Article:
Serial.print(btn);

    // was a poor way to allow for button release: delay(250);

    wait_BtnRelease(); // much better this way

    digitalWrite(ledpin[y], LOW);

    if (inputArray[x] != randomArray[x]) { //Checks value input by user and checks it against

    fail(); //the value in the same spot on the generated array

    //The fail function is called if it does not match

    exit;

    }

    }

    }

    } // end while

    }

    delay(500);

    turn++; //Increments the turn count, also the last action before starting the output function over again

    }

    // ------------------------------------------------------

    void fail() { //Function used if the player fails to match the sequence

    for (int y = 0; y <= 2; y++)

    { //Flashes lights for failure

    allLEDs(HIGH);

    speaker.play(NOTE_G3, 300);

    delay(200);

    allLEDs(LOW);

    speaker.play(NOTE_C3, 300);

    delay(200);

    }

    delay(500);

    turn = -1; //Resets turn value so the game starts over without need for a reset button

    }

    // ------------------------------------------------------

    void allLEDs(byte state) {

    digitalWrite(ledpin[0], state);

    digitalWrite(ledpin[1], state);

    digitalWrite(ledpin[2], state);

    digitalWrite(ledpin[3], state);

    }

    void wait_BtnRelease() {

    bool btnStillDown;

    int debounce=0; // need depends on button used. mine caused some double trips

    while (debounce<2) {

    delay(5);

    btnStillDown = false;

    for (int y = 0; y < 4; y++)

    {

    buttonstate = digitalRead(button[y]);

    if (buttonstate == LOW) //Checking for button push

    btnStillDown = true;

    }

    if (btnStillDown) debounce=0;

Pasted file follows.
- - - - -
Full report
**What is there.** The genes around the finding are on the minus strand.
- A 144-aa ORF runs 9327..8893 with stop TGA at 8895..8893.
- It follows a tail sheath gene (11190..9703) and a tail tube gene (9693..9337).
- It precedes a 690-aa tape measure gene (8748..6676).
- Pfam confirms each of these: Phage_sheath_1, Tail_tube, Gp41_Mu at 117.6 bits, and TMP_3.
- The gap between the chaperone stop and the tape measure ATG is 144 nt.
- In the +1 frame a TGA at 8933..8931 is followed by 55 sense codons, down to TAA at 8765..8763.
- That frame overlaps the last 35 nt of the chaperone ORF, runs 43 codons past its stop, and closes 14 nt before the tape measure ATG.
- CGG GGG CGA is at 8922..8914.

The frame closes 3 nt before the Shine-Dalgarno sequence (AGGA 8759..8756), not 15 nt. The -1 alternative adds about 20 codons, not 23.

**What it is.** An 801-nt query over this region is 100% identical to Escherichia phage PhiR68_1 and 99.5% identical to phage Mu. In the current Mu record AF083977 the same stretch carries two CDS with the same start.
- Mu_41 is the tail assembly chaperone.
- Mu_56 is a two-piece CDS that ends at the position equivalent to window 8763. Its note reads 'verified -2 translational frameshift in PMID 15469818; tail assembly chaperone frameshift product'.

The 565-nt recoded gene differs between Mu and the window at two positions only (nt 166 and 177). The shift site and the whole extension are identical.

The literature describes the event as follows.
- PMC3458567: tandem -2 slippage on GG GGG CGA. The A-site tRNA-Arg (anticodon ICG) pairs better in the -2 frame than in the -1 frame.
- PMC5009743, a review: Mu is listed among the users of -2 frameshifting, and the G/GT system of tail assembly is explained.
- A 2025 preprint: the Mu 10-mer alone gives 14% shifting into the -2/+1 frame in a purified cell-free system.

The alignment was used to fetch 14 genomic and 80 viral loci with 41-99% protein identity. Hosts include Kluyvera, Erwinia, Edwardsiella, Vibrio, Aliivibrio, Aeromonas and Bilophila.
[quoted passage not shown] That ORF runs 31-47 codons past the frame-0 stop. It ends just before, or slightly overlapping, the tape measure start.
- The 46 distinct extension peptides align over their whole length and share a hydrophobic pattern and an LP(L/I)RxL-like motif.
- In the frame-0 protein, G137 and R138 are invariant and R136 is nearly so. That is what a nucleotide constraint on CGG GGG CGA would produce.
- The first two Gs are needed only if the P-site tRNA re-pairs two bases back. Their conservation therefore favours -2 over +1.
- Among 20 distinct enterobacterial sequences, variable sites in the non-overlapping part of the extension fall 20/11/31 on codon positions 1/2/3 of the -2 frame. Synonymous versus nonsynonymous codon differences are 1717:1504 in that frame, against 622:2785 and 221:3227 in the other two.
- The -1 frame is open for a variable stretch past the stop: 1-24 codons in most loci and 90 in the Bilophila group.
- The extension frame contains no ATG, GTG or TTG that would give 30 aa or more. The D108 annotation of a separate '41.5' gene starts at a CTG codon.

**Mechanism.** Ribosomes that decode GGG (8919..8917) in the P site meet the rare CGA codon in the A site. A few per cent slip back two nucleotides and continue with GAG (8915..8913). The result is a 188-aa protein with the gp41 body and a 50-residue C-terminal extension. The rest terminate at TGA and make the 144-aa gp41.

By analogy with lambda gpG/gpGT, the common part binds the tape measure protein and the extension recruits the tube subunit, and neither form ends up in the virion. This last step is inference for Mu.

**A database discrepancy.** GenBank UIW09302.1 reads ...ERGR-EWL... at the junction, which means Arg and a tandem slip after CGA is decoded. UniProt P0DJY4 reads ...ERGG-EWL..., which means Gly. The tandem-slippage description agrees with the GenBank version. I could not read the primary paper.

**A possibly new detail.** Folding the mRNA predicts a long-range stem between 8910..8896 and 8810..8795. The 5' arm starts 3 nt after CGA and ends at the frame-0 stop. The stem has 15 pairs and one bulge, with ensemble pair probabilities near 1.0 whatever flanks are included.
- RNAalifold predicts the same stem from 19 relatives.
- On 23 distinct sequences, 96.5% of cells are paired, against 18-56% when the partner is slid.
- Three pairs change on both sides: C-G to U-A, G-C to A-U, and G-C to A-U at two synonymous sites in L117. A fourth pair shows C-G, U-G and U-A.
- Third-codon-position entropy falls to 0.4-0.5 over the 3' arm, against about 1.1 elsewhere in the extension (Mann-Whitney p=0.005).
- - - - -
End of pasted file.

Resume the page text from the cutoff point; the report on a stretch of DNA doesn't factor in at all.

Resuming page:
else debounce++;

    }

    }

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    RonM9OndřejT4

    Reply 2 years ago

    Thanks for your interest in this instructable.

    It looks like you have not placed the needed servo control code where this line is located: // HERE ADD SERVO ...

    I also noticed you are using a different servo library than what I see others using; and your initialization code in setup() looks odd to me.

    I have added a version of the .ino code with the idea of being modified for use to operate a latch, with better comments regarding placement of servo support code. Please see the added section to this instructable, titled 'By popular demand'. I hope this gets you going in the right direction.

    Looking forward to hearing about your success.

    0
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    MiguelD13

    2 years ago

    C:\Users\user\Downloads\Compressed\Simon_Says\Tone\Tone\Simon_Says\Simon_Says.ino:9:18: fatal error: Tone.h: No such file or directory

    #include <Tone.h>

    ^

    compilation terminated.

    exit status 1

    Error compiling.

    This report would have more information with

    "Show verbose output during compilation"

    enabled in File > Preferences.


    Can you help me with this? TIA =)

    1 reply
    0
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    RonM9MiguelD13

    Reply 2 years ago

    It is not finding 'Tone.h'. So the compiler is looking in the wrong places, or the file is in the wrong place or it is missing. The Arduino IDE comes with an Examples/Tone/ToneTest sketch which uses Tone.h from Sketchbook/libraries/Tone. You probably need to reinstall the latest IDE to get this sketch as well as the ToneTest sketch to build.